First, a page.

The foregoing facts we think sufficient to answer appellant's contention that there was no testimony to the effect that plaintiff would suffer future physical pain. In addition to the facts above recited, the record discloses that plaintiff was the exclusive commission agent of the Magnolia Petroleum Company at Paducah, and that his territory included Cottle and King counties. The petroleum company maintained a warehouse at Paducah of which plaintiff had charge, and from which he distributed the company's products. He gave his entire personal service to the business of soliciting trade, delivering the merchandise ordered, and waiting on customers. The commission he received for his services amounted to four or five hundred dollars per month. After he was injured he had to employ additional help, which he paid $85 per month, and his business suffered for the reason that he was unable to get out and solicit business and the help he hired did not and could not solicit business as successfully as the plaintiff did himself. From the time of his injury until some time after the last operation he was not able to do any work at his place of business.

It is conclusive from the record that plaintiff's injuries caused him to lose time, reduced his ability to work, and diminished his capacity and efficiency to operate his business, upon the successful conduct of which depended the amount of his commissions. The additional help engaged was unable to secure the business plaintiff could have obtained but for his injuries, and for this assistance he paid a salary of $85 per month. The number of months this salary was paid is not shown, but it is a fair deduction from the record that the payment of such salary continued at least until plaintiff was able to return to his business some time after his last operation, which was eight or nine months.

The circumstances show that the amount of earnings lost was not susceptible of exact proof, since in addition to plaintiff's injuries other elements, such as the drought in that locality, which is a fact of common knowledge in this jurisdiction, and the general economical conditions over the whole country which stagnated all lines of business, would affect the amount of plaintiff's commissions. These are matters of which we may take judicial knowledge. George et al. v. First Nat. Bank of Tulia (Tex. Civ. App.) 67 S.W.2d 324; Horne v. State, 125 Tex.Cr.R. 192, 67 S.W.2d 316; 23 C. J. par. 1810, p. 61.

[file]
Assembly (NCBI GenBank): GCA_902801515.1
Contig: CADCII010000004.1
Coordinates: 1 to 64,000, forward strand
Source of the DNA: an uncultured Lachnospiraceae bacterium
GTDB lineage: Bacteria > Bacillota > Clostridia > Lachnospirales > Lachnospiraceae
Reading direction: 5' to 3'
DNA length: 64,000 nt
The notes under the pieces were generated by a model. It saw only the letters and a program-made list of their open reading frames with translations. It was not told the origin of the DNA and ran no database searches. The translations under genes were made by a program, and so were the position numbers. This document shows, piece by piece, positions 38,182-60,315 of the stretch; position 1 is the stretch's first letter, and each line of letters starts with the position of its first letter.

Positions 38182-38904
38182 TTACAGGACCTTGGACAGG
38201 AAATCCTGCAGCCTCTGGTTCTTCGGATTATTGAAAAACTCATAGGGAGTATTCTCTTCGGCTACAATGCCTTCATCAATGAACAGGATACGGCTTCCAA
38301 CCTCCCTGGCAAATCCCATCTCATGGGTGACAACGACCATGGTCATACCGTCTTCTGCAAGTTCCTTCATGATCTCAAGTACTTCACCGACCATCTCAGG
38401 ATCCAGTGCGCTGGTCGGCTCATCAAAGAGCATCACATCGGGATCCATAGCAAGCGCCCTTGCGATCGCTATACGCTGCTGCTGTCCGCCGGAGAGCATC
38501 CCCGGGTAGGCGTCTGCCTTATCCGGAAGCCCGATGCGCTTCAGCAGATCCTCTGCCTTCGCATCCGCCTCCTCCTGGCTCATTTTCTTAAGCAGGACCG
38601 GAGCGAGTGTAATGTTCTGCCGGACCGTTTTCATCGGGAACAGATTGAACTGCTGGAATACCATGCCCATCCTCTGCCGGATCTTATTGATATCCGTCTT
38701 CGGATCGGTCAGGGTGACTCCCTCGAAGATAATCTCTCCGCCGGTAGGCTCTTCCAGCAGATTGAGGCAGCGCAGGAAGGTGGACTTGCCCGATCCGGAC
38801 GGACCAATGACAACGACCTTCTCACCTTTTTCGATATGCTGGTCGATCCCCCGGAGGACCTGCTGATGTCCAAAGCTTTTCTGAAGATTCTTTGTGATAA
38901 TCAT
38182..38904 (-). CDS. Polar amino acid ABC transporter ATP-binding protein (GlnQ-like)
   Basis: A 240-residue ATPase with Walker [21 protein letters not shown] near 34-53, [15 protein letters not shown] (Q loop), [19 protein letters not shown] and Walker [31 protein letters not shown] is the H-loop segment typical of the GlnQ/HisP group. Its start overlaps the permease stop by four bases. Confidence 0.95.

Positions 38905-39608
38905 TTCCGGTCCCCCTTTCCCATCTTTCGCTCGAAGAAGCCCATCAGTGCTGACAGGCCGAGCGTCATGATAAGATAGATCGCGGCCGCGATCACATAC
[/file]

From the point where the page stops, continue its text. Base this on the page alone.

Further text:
"The question being whether or not there was any evidence authorizing the submission of the element of damage from impairment of capacity to earn money, its decision must depend upon the evidence in the case in which the charge is given, and if there be anything in the evidence upon which the allowance of any sum, however small, can properly be made for suck damage, the objection to the charge is met. There are several elements of damage to be considered in suits for personal injuries. As to some of them it is practicable to prove the loss sustained, with some degree of exactness. Such are doctor's bills, medicines, and the like. Of these the law requires such proof. In many cases the value of time lost by the plaintiff may also be so proved, while in some such proof cannot be made, as in case of a wife and mother performing the various duties of housekeeper. This is true also of earning capacity and of injury to it. The law only exacts the kind of proof of which the fact to be proved is susceptible, but it does exact that. The earning capacity of the plaintiff in this case as a stenographer was probably susceptible of definite proof. If it was otherwise, the facts which made it so should have been shown to have entitled her to have the jury estimate it in their own judgment without fuller proof, and to allow full compensation as for a diminution in the amount of her earnings. Nevertheless, if there is evidence to show with sufficient definiteness the loss of any part of that which she would have earned but for her injuries, the submission of that element was justified.